• Users Online: 88
  • Print this page
  • Email this page
Year : 2019  |  Volume : 6  |  Issue : 1  |  Page : 38-43

Evaluation of “point of care” brain natriuretic peptide level in differentiating between cardiogenic and noncardiogenic acute dyspnea (a hospital-based study)

Department of General Medicine, Institute of Medical Sciences, Banaras Hindu University, Varanasi, Uttar Pradesh, India

Correspondence Address:
Dr. Lalit P Meena
Department of General Medicine, Institute of Medical Sciences, Banaras Hindu University, Varanasi, Uttar Pradesh
Login to access the Email id

Source of Support: None, Conflict of Interest: None

DOI: 10.4103/ami.ami_96_18

Rights and Permissions

Introduction: Acute dyspnea is one of the most common reasons for admission to emergency rooms. It could be due to potentially life-threatening cardiac or respiratory conditions. Differentiation among these three disorders is frequently needed. In the condition of heart failure, where there is clinical need for early and appropriate treatment but no objective method for rapid diagnosis, the potential benefits are enormous for any biomarker that can reliably rule in or rule out this syndrome. Objectives: The objectives of this study are as follows: (i) To evaluate the role of point of care of brain natriuretic peptide (BNP) in acute dyspnea and (ii) To determine the cutoff level of BNP to differentiate between cardiogenic and noncardiogenic causes of dyspnea. Materials and Methods: This was an in-hospital cross-sectional study conducted at a tertiary care center. Patients were evaluated using predetermined performa. All these patients were subjected to routine blood investigations, digital chest X-ray, and 12-lead electrocardiography. At the same time point of care, BNP was done in each patient after obtaining informed written consent. All patients with BNP >100 or clinical suspicion for heart failure underwent two-dimensional echocardiography (ECHO) with color Doppler. Results: A cross-sectional study was conducted on 238 patients presenting with acute dyspnea. Almost all patients with BNP level >415 pg/ml had <45% ejection fraction, but patients with BNP level <415 pg/ml had echocardiographic findings not suggestive of heart failure. Conclusion: This study gives us a reliable cutoff level of 415 pg/ml of BNP which clearly distinguishes between cardiogenic versus noncardiogenic dyspnea.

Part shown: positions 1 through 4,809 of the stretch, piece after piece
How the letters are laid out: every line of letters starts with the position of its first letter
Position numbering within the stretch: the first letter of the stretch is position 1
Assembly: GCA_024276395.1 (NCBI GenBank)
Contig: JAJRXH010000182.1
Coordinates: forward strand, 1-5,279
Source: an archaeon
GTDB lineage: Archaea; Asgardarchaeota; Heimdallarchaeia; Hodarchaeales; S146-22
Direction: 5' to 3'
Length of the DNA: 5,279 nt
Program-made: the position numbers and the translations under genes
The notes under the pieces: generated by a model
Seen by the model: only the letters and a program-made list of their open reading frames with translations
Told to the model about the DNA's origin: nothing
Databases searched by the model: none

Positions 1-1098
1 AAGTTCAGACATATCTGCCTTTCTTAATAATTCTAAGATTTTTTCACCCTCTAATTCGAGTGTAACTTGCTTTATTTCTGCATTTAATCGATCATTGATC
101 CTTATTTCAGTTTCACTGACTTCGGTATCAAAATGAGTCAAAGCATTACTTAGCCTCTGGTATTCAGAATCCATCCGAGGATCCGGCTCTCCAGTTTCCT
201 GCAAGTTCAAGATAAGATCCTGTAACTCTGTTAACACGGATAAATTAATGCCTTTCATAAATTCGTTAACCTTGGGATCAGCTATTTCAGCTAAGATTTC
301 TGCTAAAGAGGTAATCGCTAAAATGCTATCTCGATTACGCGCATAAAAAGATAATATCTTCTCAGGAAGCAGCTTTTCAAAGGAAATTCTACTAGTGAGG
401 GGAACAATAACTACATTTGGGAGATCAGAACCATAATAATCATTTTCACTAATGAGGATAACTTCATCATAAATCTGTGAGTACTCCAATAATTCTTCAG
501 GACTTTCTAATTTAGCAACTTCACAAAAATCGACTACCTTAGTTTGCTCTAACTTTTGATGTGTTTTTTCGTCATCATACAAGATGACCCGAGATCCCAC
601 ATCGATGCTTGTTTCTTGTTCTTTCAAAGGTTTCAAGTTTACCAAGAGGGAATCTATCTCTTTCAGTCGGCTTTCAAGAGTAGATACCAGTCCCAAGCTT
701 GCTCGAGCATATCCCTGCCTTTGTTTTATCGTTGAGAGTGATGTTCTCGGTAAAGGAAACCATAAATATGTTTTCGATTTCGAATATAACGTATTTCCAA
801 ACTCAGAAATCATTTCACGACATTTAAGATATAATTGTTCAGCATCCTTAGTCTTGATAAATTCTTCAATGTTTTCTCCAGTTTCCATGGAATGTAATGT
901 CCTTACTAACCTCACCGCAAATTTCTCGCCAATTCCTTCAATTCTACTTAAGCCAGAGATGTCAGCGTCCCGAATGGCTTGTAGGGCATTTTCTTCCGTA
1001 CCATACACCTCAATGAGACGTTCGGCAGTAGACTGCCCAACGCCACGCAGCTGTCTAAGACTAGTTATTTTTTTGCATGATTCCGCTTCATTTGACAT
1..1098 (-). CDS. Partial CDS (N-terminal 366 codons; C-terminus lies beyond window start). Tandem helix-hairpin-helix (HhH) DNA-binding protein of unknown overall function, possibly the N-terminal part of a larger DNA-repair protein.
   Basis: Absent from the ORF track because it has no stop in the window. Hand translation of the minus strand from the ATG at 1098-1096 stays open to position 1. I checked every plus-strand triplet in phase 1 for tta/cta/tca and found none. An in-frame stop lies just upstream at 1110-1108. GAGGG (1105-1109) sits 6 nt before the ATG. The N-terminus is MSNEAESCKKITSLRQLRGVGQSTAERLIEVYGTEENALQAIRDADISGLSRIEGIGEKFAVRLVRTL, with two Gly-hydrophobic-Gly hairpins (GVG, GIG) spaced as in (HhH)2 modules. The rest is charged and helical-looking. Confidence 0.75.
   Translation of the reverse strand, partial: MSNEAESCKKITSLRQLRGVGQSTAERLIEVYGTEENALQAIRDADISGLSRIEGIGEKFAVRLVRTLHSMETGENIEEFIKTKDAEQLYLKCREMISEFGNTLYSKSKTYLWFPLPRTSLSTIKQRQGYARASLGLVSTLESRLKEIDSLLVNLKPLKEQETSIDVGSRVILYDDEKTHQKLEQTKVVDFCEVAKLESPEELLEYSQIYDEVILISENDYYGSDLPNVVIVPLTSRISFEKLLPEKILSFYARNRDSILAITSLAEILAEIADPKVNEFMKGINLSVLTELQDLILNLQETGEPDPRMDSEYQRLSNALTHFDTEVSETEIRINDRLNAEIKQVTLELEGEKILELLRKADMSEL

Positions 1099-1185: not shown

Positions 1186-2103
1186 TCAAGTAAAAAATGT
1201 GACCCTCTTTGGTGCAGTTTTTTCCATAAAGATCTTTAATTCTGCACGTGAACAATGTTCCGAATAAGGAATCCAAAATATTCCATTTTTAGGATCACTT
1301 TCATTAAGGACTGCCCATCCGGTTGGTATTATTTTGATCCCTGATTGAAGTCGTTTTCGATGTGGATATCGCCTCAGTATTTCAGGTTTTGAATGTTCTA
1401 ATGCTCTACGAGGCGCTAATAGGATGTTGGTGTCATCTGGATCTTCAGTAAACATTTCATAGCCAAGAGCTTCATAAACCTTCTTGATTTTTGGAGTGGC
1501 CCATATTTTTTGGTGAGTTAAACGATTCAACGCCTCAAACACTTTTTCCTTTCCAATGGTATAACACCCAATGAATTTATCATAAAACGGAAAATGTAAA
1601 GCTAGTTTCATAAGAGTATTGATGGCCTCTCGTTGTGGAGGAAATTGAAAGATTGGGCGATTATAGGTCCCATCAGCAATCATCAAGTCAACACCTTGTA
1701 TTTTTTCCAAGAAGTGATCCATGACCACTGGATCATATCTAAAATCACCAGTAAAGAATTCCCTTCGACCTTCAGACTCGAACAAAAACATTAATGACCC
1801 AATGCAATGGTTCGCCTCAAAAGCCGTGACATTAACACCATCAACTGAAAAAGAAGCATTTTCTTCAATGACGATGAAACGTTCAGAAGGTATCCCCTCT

Print this article     Email this article
 Next article
 Previous article
 Table of Contents

 Similar in PUBMED
   Search Pubmed for
   Search in Google Scholar for
 Related articles
 Citation Manager
 Access Statistics
 Reader Comments
 Email Alert *
 Add to My List *
 * Requires registration (Free)

 Article Access Statistics
    PDF Downloaded172    
    Comments [Add]    

Recommend this journal